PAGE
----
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An interview with Feng Xu Bin, Chairman of YXE Yiwu Rail

“This kind of subsidy will not last forever”

YXE Yiwu Rail is one of the leading Chinese rail freight operators and offers a total of nine connections between European and Central European destinations, including the longest rail freight service in the world between Yiwu and Madrid. We spoke with Feng Xu Bin, Chairman of Yiwu Rail, about government subsidization in China, tracking by means of blockchain technology and unexplored potentials along the Silk Road.

“From the current point of view, governmental subsidization will not stop in the near future. In this early stage of development of the China-Europe railways, the subsidization is reasonable and beneficial to the industry’s development, allowing more logistics companies to gain a foothold.”

Feng Xu Bin states his point of view on governmental subsidization.


Interviewer: As the world’s leading export nation, China is massively investing in several transport corridors and market opportunities as part of the “New Silk Road” project. One of those corridors is being promoted by the upgrade of the Transsiberian railway capacities. In comparison to sea transport, railway transport accounts for only 2% of total freight volumes between China and Europe at the moment. What potential do you see in the next few years?

Feng Xu Bin: When we first launched our China Railway Express in 2011, we started from zero. Since then, it has grown immensely and volumes have steadily increased. On August 26, 2018, the X8044 CR Express, which serves the Hamburg-Wuhan route, successfully arrived in Wuhan, marking the 10,000th China Railway Express transport. Nowadays, the proportion of railway transportation in developed countries accounts for 20% to 40% of total freight volume, which is far higher than in China, where it makes up for only around 2%. Thus, there is massive room for development, and this is also a challenge for our railway infrastructure. We expect an increase to 5% to 8% in the next three years.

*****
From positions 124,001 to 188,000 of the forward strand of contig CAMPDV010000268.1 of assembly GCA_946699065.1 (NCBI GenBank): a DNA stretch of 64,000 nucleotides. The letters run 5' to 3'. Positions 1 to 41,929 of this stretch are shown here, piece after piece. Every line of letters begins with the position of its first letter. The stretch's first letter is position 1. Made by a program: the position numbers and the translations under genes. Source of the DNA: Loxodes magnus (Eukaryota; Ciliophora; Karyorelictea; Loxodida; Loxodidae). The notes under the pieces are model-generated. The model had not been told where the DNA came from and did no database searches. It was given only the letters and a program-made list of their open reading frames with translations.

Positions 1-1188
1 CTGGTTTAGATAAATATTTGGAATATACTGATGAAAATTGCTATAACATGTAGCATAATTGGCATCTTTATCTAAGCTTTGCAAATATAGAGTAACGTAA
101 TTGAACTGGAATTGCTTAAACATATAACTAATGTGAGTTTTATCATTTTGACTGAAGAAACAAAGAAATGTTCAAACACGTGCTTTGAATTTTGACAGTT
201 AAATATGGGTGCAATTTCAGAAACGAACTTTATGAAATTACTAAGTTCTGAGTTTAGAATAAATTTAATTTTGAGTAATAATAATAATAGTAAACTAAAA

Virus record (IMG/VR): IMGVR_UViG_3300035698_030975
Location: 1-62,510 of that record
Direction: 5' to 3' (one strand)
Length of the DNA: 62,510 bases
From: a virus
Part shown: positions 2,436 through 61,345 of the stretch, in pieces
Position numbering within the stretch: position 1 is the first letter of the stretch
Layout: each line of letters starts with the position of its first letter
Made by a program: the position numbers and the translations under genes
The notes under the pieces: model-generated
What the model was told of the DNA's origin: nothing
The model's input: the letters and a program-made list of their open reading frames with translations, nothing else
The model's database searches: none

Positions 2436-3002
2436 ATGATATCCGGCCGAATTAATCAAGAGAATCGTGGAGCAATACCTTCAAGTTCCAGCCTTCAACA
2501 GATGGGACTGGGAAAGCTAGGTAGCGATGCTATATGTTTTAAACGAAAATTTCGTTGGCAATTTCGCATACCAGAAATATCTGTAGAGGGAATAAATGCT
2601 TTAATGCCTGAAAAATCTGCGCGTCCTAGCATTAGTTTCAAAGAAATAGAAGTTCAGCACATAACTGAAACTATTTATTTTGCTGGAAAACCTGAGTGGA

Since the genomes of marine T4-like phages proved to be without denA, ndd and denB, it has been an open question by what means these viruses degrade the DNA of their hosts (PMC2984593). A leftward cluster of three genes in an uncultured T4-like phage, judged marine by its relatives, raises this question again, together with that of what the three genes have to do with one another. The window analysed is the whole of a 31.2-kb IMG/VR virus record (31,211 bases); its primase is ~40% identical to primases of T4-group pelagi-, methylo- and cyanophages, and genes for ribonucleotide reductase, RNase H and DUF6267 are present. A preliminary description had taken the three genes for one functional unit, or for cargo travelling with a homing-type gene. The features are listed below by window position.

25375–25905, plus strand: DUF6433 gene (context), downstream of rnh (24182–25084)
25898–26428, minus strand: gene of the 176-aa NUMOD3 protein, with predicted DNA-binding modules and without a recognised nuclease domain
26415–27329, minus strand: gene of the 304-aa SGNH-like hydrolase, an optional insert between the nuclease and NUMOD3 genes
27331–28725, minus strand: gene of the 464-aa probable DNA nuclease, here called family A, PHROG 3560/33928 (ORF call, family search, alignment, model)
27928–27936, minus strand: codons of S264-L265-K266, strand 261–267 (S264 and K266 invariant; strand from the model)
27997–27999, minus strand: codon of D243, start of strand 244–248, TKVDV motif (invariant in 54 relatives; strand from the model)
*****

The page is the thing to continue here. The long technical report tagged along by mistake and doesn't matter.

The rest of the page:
What are your long term plans on the eastbound and westbound traffic on the Silk Road in terms of investments and possible number of rail tractions per year?

In the past few years, there have been delays in transit times on the China Railway Express due to various issues at some European hubs. If these can be improved, we expect to be able to reduce transit times by 2-3 days.

The first of these issues results from the doubling of connections of the China Railway Express. Together with the underdeveloped infrastructure of the countries along the way, this has led to an overload at the main stations during certain periods. We need to integrate and optimize routes and resources to ensure optimal operations at the major European hubs.

The second factor is customs clearance procedures. With the China Railway Express running all the way between China and Europe, customs clearance requires multi-country coordination, resulting in varying delays in quarantine and customs clearance procedures. Consideration should be given to improving the integration of manifests in order to accelerate the efficiency of customs clearance processes.

Another reason for delays would be the different track gauges, making it necessary to reload at least twice along the entire route of the China Railway Express. This also negatively affects transport efficiency.

“With the further development of the market, the China-Europe Railway will become more competitive as a time-efficient and high-quality alternative to seafreight.”

The YXE Yiwu Rail Chairman has no doubt about the long-term success of railway connections between China and Europe.

At the moment, rail freight on the Silk Road relies strongly on governmental subsidization. With this background, how does your company evaluate the short and long term development of transport prices in regard to rail transportation compared to sea freight between China and Europe?

From the current point of view, governmental subsidization will not stop in the near future. In this early stage of development of the China-Europe railways, governmental subsidization is reasonable and beneficial to the industry’s development, opening it up and allowing more logistics companies to gain a foothold in rail freight. However, this kind of subsidy will not last forever. The only long-term and effective way to develop the industry is marketization. This includes improving the balance between east-and westbound traffic on the one hand, and service development on the other.

A more balanced distribution of east- and westbound traffic would enable a more efficient  usage of cars and containers and thus helps to reduce freight rates. At the moment, there is only a small number of products being imported from Europe to China. This is due to the imbalance of Sino-European trade, the competition of traditional low-cost sea freight, and the high cost of short-distance pre- and on-carriage by road in Europe. Of course, this is constantly improving, and the frequency of return trips has also increased significantly.